Magnetic resonance imaging (MRI)

The MRI demonstrated a cerebellar cyst with a mural nodule [Figure 1], accompanied by a homogeneously, contrast enhancing intradural/intramedullary tumor at the C6–C7 level with perilesional edema and syrinx formation [Figure 2].

Figure 1:: MRI of the cerebellum. (a) T2-weighted MR images revealed a cyst lesion with edema. (b) T1-weighted Gd-enhanced axial image revealing an hypointense mass at the cerebellar left hemisphere.
Figure 2:: MRI of the cervical spine. (a) T2-weighted MR images revealed a syrinx with edema. (b) T1-weighted Gd-enhanced sagittal image revealing an intramedullary intradural isointense mass (arrow) at the C6-C7 level.

Surgery

The patient underwent tumor resection through a median suboccipital craniectomy for the cerebellar lesion [Figure 3] and C5–C7 laminectomy with a posterolateral sulcus approach to resect the C6–C7 spinal cord tumor [Figures 4 and 5]. The surgery was completed without complications. The histopathological examination of the specimen confirmed the diagnosis of a hemangioblastoma. The patient was extubated the next day. Postoperatively, the patient recovered strength from the right upper extremity, and the cervical pain disappeared. In the immediate postoperative, the patient developed a neurogenic bladder which resolved 1 month following the surgery. The postoperative brain MRI revealed that the tumor had been removed with no obvious residual tumor, while the cervical MR findings indicated only a mild inflammatory process and no obvious residual tumor [Figure 6].

Figure 3:: Median suboccipital craniectomy, transcortical approach showing mural nodule (yellow arrow).
Figure 4:: Posterolateral sulcus approach for the cervical spinal cord intramedullary tumor. Tumor (yellow arrow).
Figure 5:: Macroscopic complete resection of the spinal cord lesion.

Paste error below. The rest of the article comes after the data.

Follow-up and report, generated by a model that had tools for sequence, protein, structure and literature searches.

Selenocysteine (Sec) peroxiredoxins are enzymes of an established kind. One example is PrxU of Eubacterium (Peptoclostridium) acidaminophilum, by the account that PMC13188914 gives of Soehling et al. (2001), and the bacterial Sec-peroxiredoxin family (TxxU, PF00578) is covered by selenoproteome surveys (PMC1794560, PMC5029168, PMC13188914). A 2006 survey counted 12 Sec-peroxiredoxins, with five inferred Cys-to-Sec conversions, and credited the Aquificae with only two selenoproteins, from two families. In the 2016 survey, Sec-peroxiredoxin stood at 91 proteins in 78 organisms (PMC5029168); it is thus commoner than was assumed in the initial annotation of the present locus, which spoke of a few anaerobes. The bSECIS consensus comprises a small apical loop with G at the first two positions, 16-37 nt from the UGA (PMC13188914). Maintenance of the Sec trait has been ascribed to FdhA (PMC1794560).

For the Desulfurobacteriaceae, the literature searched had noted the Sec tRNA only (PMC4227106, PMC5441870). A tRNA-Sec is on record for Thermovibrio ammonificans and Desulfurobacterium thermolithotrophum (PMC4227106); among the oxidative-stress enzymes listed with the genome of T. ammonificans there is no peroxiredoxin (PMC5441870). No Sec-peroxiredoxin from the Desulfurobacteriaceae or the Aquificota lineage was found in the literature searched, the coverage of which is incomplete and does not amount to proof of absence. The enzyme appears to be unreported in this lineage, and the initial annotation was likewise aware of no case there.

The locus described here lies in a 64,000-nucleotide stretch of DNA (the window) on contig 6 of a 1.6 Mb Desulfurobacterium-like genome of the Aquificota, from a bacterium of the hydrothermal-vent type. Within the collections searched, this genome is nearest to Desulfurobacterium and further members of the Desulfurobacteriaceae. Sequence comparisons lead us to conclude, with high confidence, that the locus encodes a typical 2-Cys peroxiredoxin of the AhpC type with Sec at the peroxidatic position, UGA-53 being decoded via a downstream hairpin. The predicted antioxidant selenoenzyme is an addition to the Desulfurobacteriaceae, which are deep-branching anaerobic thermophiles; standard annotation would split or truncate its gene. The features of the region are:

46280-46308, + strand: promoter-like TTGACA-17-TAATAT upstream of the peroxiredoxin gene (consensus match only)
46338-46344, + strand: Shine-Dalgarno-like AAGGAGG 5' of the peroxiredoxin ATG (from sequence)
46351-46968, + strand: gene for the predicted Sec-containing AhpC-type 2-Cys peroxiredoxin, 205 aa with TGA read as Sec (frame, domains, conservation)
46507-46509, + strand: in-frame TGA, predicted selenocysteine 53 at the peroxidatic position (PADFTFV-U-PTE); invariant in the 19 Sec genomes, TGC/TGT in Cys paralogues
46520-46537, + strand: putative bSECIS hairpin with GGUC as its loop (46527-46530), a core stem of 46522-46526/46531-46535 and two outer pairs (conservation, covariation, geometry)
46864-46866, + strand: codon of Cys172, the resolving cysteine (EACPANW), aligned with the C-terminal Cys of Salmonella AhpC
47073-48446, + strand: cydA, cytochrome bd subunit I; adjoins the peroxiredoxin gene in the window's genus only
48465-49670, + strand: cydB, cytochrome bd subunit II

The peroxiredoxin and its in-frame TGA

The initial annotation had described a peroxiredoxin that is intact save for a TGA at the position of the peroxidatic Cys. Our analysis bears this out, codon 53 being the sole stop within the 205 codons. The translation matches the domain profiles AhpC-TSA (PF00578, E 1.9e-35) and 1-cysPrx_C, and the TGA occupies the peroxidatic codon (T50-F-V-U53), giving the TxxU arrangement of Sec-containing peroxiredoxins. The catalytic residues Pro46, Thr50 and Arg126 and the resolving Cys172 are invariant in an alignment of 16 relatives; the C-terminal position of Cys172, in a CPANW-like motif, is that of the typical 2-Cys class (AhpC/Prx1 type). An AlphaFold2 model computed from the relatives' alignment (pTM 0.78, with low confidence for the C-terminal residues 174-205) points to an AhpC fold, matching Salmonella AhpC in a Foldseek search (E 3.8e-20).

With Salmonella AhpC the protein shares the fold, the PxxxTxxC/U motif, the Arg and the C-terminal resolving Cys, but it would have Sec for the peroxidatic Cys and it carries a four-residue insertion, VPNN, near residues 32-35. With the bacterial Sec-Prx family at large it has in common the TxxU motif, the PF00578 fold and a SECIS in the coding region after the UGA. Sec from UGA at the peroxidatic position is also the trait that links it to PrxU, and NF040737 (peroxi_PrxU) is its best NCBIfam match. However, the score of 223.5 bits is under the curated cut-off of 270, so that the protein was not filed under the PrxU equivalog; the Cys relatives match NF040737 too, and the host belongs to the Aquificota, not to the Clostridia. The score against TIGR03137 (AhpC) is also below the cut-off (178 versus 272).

Figure 6:: Postoperative MRI.

DISCUSSION

Surgical resection offers definitive therapy for sporadic, isolated hemangioblastomas, particularly those arising in the cerebellum. The role of surgery in patients with von Hippel–Lindau disease is less well-defined due to the frequent occurrence of multiple lesions. The optimal timing of surgery for patients these patients is uncertain. Most neurosurgeons do not operate these patients until they demonstrate progressive neurological deficits, tumor or cyst growth, or renewed hemorrhage. The preoperative neurologic deficit noted in this patient warranted surgical intervention that resulted in symptomatic improvement.

CONCLUSION

We reported a case of symptomatic multiple hemangioblastomas, in cerebellum and spinal cord. Complete resection of hemangioblastomas is very important to reduce the risks of lesion recurrence. This patient underwent complete resection of two symptomatic hemangioblastomas involving the cerebellum and spinal cord. In this case, the diagnosis of von Hippel–Lindau disease was confirmed by the presence of two or more central nervous system hemangioblastomas even without a positive genetic test.

Declaration of patient consent

The authors certify that they have obtained all appropriate patient consent.

Financial support and sponsorship

Nil.

Conflicts of interest

There are no conflicts of interest.